2. 2. SOUNDOFF! May 23, 2013Commander’s ColumnContents News.............................. 3 Sports...................................14 Crime Watch.................. 8 Movies..................................19 Community..................17 Classified..............................20Editorial StaffGarrison CommanderCol. Edward C. RothsteinGarrison CommandSgt. Maj. Thomas J. LatterPublic Affairs OfficerChad T. JonesChad.T.Jones.civ@mail.milChief, Command InformationPhilip H. JonesPhilip.H.Jones.civ@mail.milAssistant Editor Senior WriterRona S. HirschStaff Writer Lisa R. RhodesStaff Writer Brandon BieltzDesign Coordinator Timothy DavisSupple­mental photography providedby The Baltimore Sun Media GroupAdvertisingGeneral Inquiries 410-332-6300Allison Thompson410-332-6850 Allison.Thompson@baltsun.comMichele Griesbauer410-332-6381 Michele.Griesbauer@baltsun.comIf you would like information about receiving Soundoff! on Fort Meade or areexperiencing distribution issues, call 877-886-1206 or e-mail hours are Monday through Friday, 8 a.m. to 4 p.m., and Saturday throughSunday, 8 a.m. to 12 p.m.Printed by offset method of reproduction as a civilian enterprise in the interest of thepersonnel at Fort George G. Meade, Maryland, by The Baltimore Sun Media Group, 501 N.Calvert St., Baltimore, MD 21278, every Thursday except the last Thursday of the year inconjunction with the Fort Meade Public Affairs Office. Requests for publication must reachthe Public Affairs Office no later than Friday before the desired publication date. Mailingaddress: Post Public Affairs Office, Soundoff! IMME-MEA-PA, Bldg. 4409, Fort Meade, MD20755-5025. Telephone: 301-677-5602; DSN: 622-5602.Everything advertised in this publication must be made available for purchase, use or patronagewithout regard to race, creed, color, national origin, marital status, handicap or sex of purchaser,user or patron.A confirmed violation or rejection of this policy of equal opportunity by an advertiserwill result in the refusal to print advertising from that source.Printed by The Baltimore Sun Co., LLC, a private firm, in no way connected with theDepartment of the Army. Opinions expressed by the publisher and writers herein are theirown and are not to be considered an official expression by the Department of the Army.The appearance of advertisers in the publication does not constitute an endorsement bythe Department of the Army of the products or services can also keep track of Fort Meade on Twitter at view the Fort Meade Live Blog at!´Guaranteed circulation:11,285“I have never been able to think of the day asone of mourning; I have never quite been able tofeel that half-masted flags were appropriate onDecoration Day.“I have rather felt that the flag should be at thepeak, because those whose dying we commemoraterejoiced in seeing it where their valor placed it.We honor them in a joyous, thankful, triumphantcommemoration of what they did.”— Benjamin Harrison23rd President of the United StatesAs we begin the Memorial Day weekend, Ifelt that this quote from President Harrison wasmost appropriate and fitting for honoring ourservice members who have made the ultimatesacrifice for our country.During President Harrison’s term in office,1889 to 1893, the U.S. flag was flown at half-stafffor the entire day — a gesture that our nationwas mourning the death of Soldiers who diedduring the Civil War.The day, at best, was a somber one, as manypeople used it as an opportunity to place flowerson the graves of Union and Confederate Soldiersat Arlington National Cemetery and elsewherethroughout the United States.It was not until after World War I that Memo-rial Day was expanded to honor all Americanswho had died in military service.And it was not until 1976 that Congressapproved a change in the United States FlagCode authorizing that: “On Memorial Day, thelast Monday in May, the flag is displayed athalf-staff from sunrise until noon, then raisedto full-staff from noon until sunset.”Congress’s reasoning was quite simple: thenation lives, and the U.S. flag is the symbol ofa living nation.I believe we all can agree that the U.S. flag isa powerful symbol of Americanism. We fly itproudly on a daily basis, on government build-ings and military installations, and at schoolsand businesses across the nation.It’s common practice these days to see the U.S.flag stretched across a stadium field or an arenafor a sporting event in honor and appreciationof our service members.I have to believe that President Harrison wasright in his belief that those who have died inservice to our country would rejoice in seeingthe U.S. flag at full-staff on Memorial Day as acommemoration — that their sacrifice was notin vain, and as a tribute that our nation remainsproud and strong today because of their valor.As we celebrate Memorial Day this year, let usremember that more than one million AmericanSoldiers, Sailors,Coast Guards-men, Marinesand Airmenhave given theirlives in defenseof our greatnation.Let usremember thatthe number ofthose who havemade the ulti-mate sacrificecontinues to grow; we are still losing Americansin combat today.Let us remind each other that their spirit liveson through the colors of the U.S. flag. We willnever forget their sacrifices.Let us also remember to honor the familiesthey left behind. They, too, have made the ulti-mate sacrifice.For many families and friends of fallen ser-vice members, Memorial Day is a somber dayof reflection. We all know that the demands ofmilitary service can make family life difficult. Solet us honor the loved ones who support or havesupported their family members in the military.They, too, deserve our respect and recognition.Join me this year in our celebration of Memo-rial Day as a tribute to members of the militarywho have helped shaped the character and his-tory of our great country.Memorial Day is a fitting time to pause andgive thanks to those who have served, fought anddied for our country.Let us never forget how much we owe to thesevery special Americans.Have a great week.Honoring our servicemembers on Memorial DayCOL. Edward c.RothsteinGarrison CommanderCommander’s Open DoorGarrison Commander Col. Edward C.Rothstein has an open door policy.All service members, retirees, govern-ment employees, family members or com-munity members age 18 or older are invitedto address issues or concerns to the com-mander directly by visiting Rothstein’s officeon Mondays from 4 to 6 p.m. at garrisonheadquarters in Hodges Hall, Bldg. 4551,Llewellyn Avenue.Visitors are seen on a first-come, first-served basis. No appointment is necessary.For more information, call 301-677-4844.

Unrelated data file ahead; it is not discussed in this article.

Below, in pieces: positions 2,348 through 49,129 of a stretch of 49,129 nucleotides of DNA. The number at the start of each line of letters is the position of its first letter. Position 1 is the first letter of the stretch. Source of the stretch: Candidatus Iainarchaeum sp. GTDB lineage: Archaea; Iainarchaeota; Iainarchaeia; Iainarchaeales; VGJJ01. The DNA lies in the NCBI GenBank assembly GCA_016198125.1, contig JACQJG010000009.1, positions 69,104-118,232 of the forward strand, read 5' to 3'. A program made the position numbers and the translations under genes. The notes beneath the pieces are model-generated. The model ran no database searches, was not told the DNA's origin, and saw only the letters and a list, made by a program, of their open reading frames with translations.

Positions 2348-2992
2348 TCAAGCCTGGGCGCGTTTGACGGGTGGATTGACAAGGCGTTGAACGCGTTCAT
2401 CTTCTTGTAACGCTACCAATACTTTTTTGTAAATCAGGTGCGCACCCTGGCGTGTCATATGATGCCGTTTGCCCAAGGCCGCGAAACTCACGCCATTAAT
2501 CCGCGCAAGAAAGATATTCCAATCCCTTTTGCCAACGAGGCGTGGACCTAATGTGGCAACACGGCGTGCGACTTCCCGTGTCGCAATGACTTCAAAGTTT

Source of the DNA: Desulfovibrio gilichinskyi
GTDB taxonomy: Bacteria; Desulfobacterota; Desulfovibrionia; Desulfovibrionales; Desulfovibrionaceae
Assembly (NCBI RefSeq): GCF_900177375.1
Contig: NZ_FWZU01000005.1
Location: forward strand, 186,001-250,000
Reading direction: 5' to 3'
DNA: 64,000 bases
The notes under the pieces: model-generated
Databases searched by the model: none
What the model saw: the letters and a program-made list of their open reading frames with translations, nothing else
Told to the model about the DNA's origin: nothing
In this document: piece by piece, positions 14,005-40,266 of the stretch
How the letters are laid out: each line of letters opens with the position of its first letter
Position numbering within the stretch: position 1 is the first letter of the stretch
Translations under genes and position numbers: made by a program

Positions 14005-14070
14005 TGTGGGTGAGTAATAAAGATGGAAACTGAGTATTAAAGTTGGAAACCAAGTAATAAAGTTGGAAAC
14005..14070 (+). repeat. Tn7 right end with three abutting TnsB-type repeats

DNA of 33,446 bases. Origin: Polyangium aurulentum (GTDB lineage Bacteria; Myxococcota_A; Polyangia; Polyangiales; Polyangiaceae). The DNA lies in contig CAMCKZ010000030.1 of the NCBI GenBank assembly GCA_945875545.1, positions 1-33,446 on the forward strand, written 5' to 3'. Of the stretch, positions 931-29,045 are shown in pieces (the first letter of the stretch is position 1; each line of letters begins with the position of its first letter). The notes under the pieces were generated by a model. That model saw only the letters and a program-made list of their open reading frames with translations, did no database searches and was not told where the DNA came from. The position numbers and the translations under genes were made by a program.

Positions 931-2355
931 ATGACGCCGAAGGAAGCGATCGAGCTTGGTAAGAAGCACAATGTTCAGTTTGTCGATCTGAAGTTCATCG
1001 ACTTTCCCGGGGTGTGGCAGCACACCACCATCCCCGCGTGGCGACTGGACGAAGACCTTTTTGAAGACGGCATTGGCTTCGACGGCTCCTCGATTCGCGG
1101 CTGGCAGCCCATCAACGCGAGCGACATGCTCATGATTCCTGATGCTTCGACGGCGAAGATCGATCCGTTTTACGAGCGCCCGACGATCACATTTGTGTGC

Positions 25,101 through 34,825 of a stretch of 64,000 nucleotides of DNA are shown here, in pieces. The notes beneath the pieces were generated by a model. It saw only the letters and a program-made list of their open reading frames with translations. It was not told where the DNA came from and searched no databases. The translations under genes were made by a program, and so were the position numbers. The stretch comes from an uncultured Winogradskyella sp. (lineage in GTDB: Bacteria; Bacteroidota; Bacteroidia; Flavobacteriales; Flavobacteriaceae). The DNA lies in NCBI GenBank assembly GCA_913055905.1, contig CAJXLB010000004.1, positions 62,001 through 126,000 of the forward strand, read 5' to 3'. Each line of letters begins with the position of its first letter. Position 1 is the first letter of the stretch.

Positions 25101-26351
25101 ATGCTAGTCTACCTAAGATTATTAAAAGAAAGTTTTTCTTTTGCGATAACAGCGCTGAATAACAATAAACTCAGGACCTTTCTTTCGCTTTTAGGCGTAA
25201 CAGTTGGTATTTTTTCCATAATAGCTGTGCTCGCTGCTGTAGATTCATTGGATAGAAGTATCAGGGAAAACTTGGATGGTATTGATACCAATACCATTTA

3. 3. May 23, 2013 SOUNDOFF! NewsBy Brandon BieltzStaff WriterTwo days of “controlled chaos” trans-formed Argonne Hills Chapel Center into aFamily Assistance Center and the Pavilioninto a triage area to treat the “injured.”Fort Meade prepared for worst-case sce-narios on May 14 and May 15 with twofull-scale exercises, testing the responses to anatural disaster and an active-shooter situa-tion with multiple casualties.The exercises provided several post organi-zations and services with insight into how tobetter handle the challenging situations.“Itwascontrolledchaos,”saidPiaMorales,Mobilization and Deployment Program man-ager at Army Community Service. “It’s agreat way to learn what to do.”During the first exercise on May 14, mem-bers of ACS turned Argonne Hills ChapelCenter into a Family Assistance Center inresponse to the theoretical scenario of atornado destroying several homes in HeritagePark, causing injuries and deaths.The center, which is set up in emergencysituations, provides a one-stop location forservice members and their families to receiveassistance from several organizations rangingfrom the Directorate of Public Works to theOffice of the Staff Judge Advocate.Volunteer role players entered the FamilyAssistance Center with various scenarios suchas requesting a loan from Army EmergencyRelief to speaking with Corvias MilitaryLiving after their house was destroyed by thenatural disaster.Staff members processed the role players,who were often distraught or emotional, andmade sure they were helped by the properorganization.“We wrote the scenarios with somethingfor everybody,” Morales said. “We tested ourstaff and we tested our affiliates.”Morales said the goal of the exercise was toexamine how the process works and help staffmembers become familiar with the situation.“We wanted to see if [staff members] couldtriage the people coming through the door,”she said. “We wanted to see if people knewtheir resources and could think on their feet.“It really wasn’t a test because we didn’twant people to feel pressure, but that’s why wedo it. If it really was an emergency, we need toquickly help people in the best way.”Morales said the staff worked well as ateam and showed the ability to shift gearsquickly when needed. The exercise alsoproved beneficial for the various affiliateorganizations set up in the Family AssistanceCenter, she said.Training exercises test post response to crisis“It was also a good test for the affiliatesthemselves to say, ‘OK. If I have to leave myoffice, leave my CAC card and come over hereand work on paper, can I do that?’ ” Moralessaid. “People realized, ‘I should have broughtthese forms.’ It was just eye-opening.”The following day, it was the police andemergency services’ turn to prepare for oneof their worst-case scenarios — an activeshooter.“It is kind of in line with the Fort Hoodincident [in Texas], where you have a randomgunman that comes to work, a disgruntledemployee comes through and starts firingshots,”said Fort Meade Police Capt. ThomasRussell, operations and administrative cap-tain.Held at the Defense/Military DepartmentAdjudication Activities facility, the exerciseconsisted of law enforcement agencies andemergency services responding to an active-shooter, which resulted in injuries and casu-alties. The scenario included volunteers fromACS playing causalities and using makeupthat “gave off the real appearance of gunshotwounds,” Russell said.The exercise started with the security oper-ations center at the facility reporting shotsfired in the building.“That started our response,” Russell said.“Patrols were dispatched out, our partners tothe west [the National Security Agency] weredispatched out to the scene.”The first group, which including patrolsand an Emergency Response Team, enteredthe building and responded to the threat.“We wanted to see initial patrol responseand how the patrols would handle the stressof the active shooter because they wereunaware of it,” Russell said. “They just knewan exercise was going to occur. They didn’tknow what.”Emergency services teams then workedto remove the injured from the building andmove them to a triage at the Pavilion. Russellsaid all the injured were at the triage within20 minutes.In addition to testing the initial responseto an active shooter, the exercise examinedbriefings and the transition of command,which would happen when Russell arrives atthe scene.“We wanted to see that piece of it, howwe’re progressing because it’s still relativelynew to police departments,” Russell said.Russell said the exercise was beneficial forthe law enforcement and emergency servicesand it showed possible obstacles that teamscould run into during the response.“I think we did well,” he said. “I thinkout of every exercise you learn, it gives youthe ability to grow. Nothing’s ever going tobe perfect, but every obstacle we faced weworked around. ... You learn little lessonsand you live on those lessons and you learnto grow.”photo by noah scialomAn emergency medical technician speaks with a “wounded” volunteer in the triage at the Pavilion during last week’s active-shooterexercise. Fort Meade organizations prepared for worst-case scenarios on May 14 and May 15 with two full-scale exercises, testingthe responses to a natural disaster and an active shooter.